Book review: To Wear the White Cloak by Sharan Newman

To Wear The White Cloak (Catherine LeVendeur, #7)To Wear The White Cloak by Sharan Newman
My rating: 4 of 5 stars

I was reminded recently by a professor of medieval English literature that the author of this mystery series was “a real historian.” In fact, the professor hadn’t even realized that the author had written a historical mystery series, being only familiar with the author’s academic work.
This is one of my favorite mystery series, and one main reason is that the series highlights a little-covered aspect of medieval life, which is the treatment of Jews in the Middle Ages. The topic is handled well, without judgment and within the context of its time. Catherine LeVendeur, the main character, is delightfully out of the mainstream, raised in a convent run by Abbess Heloise (of Heloise & Abelard fame) and who has Jewish cousins. (You’ll have to read the series to discover how that happened.) She is unorthodox for her time in many ways, but the author does not make the mistake that many do, and Catherine’s lack of orthodoxy is limited to what would have been tolerated during the time period. She is constantly praying that her Jewish relatives come to the true faith so as to not condemn their souls to everlasting hell.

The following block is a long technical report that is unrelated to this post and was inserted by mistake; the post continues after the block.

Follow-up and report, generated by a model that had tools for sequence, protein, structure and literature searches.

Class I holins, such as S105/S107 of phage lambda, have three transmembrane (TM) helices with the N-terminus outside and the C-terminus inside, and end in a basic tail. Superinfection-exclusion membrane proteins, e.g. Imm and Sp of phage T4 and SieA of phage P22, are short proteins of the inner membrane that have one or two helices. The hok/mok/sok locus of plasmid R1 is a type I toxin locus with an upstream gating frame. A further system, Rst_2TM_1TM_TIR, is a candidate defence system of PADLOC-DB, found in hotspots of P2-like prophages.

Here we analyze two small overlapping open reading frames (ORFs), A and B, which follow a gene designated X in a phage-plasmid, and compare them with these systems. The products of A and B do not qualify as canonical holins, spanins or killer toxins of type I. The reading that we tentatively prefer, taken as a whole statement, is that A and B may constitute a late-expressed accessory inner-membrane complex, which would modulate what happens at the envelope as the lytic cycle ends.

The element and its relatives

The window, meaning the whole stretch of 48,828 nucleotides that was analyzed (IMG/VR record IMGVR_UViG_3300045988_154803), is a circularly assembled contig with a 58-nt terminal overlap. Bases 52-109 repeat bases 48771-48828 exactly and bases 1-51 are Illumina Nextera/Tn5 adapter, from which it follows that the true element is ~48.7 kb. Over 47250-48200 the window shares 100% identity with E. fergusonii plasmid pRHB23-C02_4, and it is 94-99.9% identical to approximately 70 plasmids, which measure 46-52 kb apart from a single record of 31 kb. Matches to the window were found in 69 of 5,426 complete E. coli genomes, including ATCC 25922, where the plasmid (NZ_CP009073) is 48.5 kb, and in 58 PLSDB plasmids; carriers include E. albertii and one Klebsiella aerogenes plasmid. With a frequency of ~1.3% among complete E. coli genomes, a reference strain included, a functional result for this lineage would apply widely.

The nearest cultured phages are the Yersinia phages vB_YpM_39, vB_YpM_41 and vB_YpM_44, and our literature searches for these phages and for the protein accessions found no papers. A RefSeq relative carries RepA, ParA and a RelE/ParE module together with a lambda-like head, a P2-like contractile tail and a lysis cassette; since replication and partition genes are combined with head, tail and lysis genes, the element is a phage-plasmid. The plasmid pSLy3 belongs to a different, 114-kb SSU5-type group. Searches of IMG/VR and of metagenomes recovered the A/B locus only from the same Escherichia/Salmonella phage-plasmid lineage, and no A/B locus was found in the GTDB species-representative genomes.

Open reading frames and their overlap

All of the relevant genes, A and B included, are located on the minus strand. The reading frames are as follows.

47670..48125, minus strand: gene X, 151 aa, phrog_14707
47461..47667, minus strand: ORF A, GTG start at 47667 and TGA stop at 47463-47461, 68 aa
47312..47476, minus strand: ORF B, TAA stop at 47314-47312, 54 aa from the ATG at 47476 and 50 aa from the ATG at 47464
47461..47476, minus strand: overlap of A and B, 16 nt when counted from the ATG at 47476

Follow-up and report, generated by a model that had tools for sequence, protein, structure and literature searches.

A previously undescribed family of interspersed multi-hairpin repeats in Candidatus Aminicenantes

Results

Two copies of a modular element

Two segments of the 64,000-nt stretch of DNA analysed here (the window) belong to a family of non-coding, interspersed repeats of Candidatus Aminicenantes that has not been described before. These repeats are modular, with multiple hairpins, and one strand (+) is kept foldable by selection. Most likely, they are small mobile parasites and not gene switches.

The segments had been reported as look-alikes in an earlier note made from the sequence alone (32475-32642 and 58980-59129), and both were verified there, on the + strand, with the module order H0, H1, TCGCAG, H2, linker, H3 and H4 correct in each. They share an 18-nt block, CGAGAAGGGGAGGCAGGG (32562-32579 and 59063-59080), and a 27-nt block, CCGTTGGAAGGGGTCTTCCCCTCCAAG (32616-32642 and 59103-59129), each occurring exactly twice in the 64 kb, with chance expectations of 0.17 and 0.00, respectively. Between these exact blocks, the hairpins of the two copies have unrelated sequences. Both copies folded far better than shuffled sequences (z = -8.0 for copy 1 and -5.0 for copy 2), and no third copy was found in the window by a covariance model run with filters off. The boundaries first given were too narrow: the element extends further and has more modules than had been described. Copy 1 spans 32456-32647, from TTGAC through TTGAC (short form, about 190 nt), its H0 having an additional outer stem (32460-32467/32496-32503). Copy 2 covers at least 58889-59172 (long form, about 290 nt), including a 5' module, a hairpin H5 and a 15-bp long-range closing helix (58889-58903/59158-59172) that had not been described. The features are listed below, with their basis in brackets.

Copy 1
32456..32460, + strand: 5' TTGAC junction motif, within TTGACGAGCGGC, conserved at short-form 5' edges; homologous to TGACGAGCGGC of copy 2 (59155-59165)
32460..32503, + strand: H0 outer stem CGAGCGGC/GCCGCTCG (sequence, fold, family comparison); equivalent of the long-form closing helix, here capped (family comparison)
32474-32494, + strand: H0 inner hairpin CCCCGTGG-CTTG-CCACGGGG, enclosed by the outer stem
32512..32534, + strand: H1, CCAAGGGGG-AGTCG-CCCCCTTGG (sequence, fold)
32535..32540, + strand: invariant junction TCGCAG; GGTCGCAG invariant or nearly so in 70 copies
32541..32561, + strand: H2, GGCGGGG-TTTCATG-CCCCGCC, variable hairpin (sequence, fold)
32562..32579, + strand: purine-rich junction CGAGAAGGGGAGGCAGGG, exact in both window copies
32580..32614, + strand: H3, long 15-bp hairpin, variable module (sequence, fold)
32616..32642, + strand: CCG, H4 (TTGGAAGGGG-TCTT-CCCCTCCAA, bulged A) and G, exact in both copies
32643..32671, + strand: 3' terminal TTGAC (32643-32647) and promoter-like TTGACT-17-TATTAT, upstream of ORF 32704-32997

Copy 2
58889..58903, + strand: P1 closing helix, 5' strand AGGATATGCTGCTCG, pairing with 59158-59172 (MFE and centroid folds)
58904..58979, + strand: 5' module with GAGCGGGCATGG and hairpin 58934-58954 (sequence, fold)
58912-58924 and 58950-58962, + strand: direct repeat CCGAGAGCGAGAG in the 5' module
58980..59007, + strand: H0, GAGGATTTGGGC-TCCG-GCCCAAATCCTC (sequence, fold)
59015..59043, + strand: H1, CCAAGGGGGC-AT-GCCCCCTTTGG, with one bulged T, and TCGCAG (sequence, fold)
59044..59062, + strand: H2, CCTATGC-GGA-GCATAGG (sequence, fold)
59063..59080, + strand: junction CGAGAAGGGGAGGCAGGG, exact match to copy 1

In this particular mystery, a dead man is found in the house of Catherine and Edgar (her husband), wearing a white cloak, similar to the Templars’ outfits. Was the dead man a Templar? If so, why don’t the Templars know who he is? At the same time, a threat from the past comes back and threatens Catherine with exposure about her Jewish relatives.
The mysteries are often secondary to the fascinating look at medieval life from the view of the merchants. The author interweaves historical details beautifully, and you never feel like you’re reading out of a history textbook. The characters are all well drawn with fully realized personalities.
If you like historical mystery series, I highly recommend this one. Even if the period isn’t necessarily compelling, the unusual angle this mystery series takes on medieval life is well worth the read.
The series is best read in order but is well worth your time!

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